Benefits of Exercise for Winging Scapula

Regular exercise targeting the scapular muscles can work wonders for improving winging scapula and enhancing overall shoulder health. Let’s explore the fantastic benefits that these targeted exercises can bring to the table:

  1. Stronger Scapular Muscles:
    • Strengthening the scapular muscles, especially the serratus anterior, can improve their ability to stabilize and support the shoulder blade.
    • Enhanced muscle strength helps prevent excessive winging and promotes better alignment of the scapula.
  2. Improved Shoulder Stability:
    • By strengthening the muscles responsible for scapular movement, exercises for winging scapula enhance shoulder stability.
    • Greater stability reduces the risk of injury and improves performance during daily activities, sports, or workouts.
  3. Reduced Pain and Discomfort:
    • Targeted exercises can alleviate pain associated with winging scapula.
    • Strengthening the scapular muscles helps distribute the load more evenly, reducing strain on other muscles and joints.
  4. Increased Range of Motion:
    • As the scapular muscles gain strength and flexibility, your shoulder’s range of motion can improve significantly.
    • This increased range of motion allows for smoother and more fluid movement, enhancing your overall mobility.
  5. Improved Posture:
    • Exercises for winging scapula can help correct poor posture caused by muscle imbalances.
    • Strengthening the scapular muscles encourages proper alignment of the shoulder blades, leading to an improved posture.
  6. Enhanced Upper Body Functionality:
    • Strong scapular muscles positively impact upper body movements and functional activities.
    • Whether it’s reaching overhead, lifting objects, or performing sports-specific motions, improved scapular muscle strength enhances performance and reduces the risk of compensatory injuries.
  7. Better Shoulder Joint Health:
    • By strengthening the scapular muscles, you provide better support and stability to the shoulder joint.
    • This can help reduce the risk of shoulder impingement, rotator cuff injuries, and other shoulder-related issues.
  8. Boosted Confidence and Well-Being:
    • Overcoming winging scapula through targeted exercises can boost your self-confidence and overall well-being.
    • The sense of accomplishment and improved physical capabilities can positively impact your daily life and activities.


Remember, consistency is key when reaping the benefits of exercise for winging scapula. By incorporating these exercises into your routine and gradually progressing, you can experience significant improvements in shoulder stability, reduced pain, increased range of motion, and enhanced posture. So, let’s embark on this journey towards stronger and healthier shoulders together!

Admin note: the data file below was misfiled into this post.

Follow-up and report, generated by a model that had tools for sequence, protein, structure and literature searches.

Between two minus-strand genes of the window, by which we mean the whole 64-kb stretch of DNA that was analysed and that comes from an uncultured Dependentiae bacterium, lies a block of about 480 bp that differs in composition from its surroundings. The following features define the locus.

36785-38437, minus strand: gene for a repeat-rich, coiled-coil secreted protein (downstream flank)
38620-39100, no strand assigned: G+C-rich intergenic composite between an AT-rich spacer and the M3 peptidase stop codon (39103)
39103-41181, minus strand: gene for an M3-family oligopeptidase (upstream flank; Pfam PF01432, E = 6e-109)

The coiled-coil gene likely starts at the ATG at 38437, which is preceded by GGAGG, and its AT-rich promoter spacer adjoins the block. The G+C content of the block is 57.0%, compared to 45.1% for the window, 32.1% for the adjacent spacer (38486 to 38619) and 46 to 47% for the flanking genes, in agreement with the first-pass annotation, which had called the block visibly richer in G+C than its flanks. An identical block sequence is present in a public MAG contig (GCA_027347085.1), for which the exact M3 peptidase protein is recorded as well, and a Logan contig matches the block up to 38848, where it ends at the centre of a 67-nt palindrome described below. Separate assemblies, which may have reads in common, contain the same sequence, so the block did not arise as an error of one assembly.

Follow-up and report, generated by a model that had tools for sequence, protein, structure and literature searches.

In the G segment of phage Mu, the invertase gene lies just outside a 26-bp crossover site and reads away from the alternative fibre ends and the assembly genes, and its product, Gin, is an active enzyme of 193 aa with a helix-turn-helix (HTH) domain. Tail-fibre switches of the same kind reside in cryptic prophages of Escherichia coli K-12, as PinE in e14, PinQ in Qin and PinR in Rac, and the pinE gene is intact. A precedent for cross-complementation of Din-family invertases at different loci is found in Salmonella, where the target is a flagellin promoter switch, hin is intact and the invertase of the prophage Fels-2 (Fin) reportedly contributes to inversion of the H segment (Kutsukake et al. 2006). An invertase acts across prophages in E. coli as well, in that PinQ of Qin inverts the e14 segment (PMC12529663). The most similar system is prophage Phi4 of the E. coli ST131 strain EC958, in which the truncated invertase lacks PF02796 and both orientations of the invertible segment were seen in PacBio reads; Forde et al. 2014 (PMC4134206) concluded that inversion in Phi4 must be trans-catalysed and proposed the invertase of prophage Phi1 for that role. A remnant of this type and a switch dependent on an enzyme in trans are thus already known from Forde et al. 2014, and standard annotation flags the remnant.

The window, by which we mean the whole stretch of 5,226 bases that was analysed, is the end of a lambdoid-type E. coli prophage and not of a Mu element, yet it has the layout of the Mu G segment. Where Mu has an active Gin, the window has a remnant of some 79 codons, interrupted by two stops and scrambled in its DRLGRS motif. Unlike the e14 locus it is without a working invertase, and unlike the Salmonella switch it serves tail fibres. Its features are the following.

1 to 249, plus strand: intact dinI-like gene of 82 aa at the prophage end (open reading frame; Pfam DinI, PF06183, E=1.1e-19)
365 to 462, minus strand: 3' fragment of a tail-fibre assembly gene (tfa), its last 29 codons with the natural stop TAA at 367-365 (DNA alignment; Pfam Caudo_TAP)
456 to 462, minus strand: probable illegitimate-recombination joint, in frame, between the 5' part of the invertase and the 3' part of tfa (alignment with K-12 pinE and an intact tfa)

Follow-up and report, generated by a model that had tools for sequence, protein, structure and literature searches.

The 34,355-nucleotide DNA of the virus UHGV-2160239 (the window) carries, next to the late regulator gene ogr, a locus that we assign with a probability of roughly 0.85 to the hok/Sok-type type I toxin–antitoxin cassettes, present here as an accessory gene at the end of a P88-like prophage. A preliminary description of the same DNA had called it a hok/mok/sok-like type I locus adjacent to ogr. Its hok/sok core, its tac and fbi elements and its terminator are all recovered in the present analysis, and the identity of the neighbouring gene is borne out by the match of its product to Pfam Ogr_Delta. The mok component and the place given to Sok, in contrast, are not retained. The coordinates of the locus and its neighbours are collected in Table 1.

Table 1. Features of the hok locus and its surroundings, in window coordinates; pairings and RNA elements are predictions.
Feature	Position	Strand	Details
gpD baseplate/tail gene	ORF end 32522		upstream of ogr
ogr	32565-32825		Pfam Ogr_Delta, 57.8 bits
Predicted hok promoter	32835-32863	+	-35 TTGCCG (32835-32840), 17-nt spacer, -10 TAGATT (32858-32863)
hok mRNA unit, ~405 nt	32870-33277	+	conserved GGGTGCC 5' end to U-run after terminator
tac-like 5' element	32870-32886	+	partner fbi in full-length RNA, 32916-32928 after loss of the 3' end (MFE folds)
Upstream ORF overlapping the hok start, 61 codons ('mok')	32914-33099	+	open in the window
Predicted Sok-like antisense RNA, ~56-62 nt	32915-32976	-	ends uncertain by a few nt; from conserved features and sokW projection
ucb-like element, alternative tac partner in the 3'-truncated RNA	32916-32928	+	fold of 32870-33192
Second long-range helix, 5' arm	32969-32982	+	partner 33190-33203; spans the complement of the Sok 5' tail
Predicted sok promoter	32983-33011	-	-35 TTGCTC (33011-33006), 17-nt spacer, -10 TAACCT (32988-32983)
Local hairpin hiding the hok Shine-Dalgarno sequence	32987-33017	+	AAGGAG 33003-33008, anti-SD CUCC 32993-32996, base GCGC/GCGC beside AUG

Effective Exercises for Winging Scapula

Now that we understand the importance of addressing winging of scapula, it’s time to dive into a comprehensive list of exercises specifically designed to tackle this condition. We have categorized the exercises into beginner, intermediate, and advanced levels, ensuring that individuals of all fitness backgrounds can find suitable options. Remember to listen to your body, start at an appropriate level, and gradually progress as you build strength and confidence. Let’s get started!

Beginner Level

1. Scapular Wall Slides

Exercises for Winging of Scapula
Credit: https://www.skimble.com/
  • Stand with your back against a wall, feet shoulder-width apart.
  • Place your elbows and forearms against the wall, forming a 90-degree angle.
  • Slide your forearms up and down the wall, keeping your shoulder blades engaged.
  • Focus on maintaining proper alignment and feeling the muscles working.
  • Perform 10-12 repetitions for 2-3 sets.

2. Prone T’s

Exercises for Winging of Scapula
Credit: https://www.womenfitness.net/
  • Lie face down on a mat with your arms outstretched to form a “T” shape.
  • Squeeze your shoulder blades together while lifting your arms off the ground.
  • Keep your neck relaxed and gaze towards the floor.
  • Lower your arms back down and repeat for 10-12 repetitions for 2-3 sets.

Intermediate Level

1. Plank with Alternating Shoulder Taps

Exercises for Winging of Scapula
Credit: https://www.popsugar.com/
  • Start in a high plank position, with your hands directly beneath your shoulders.
  • Engage your core and lift one hand to touch the opposite shoulder.
  • Return the hand to the starting position and repeat with the other hand.
  • Focus on maintaining stability through your scapulae and avoiding excessive rotation.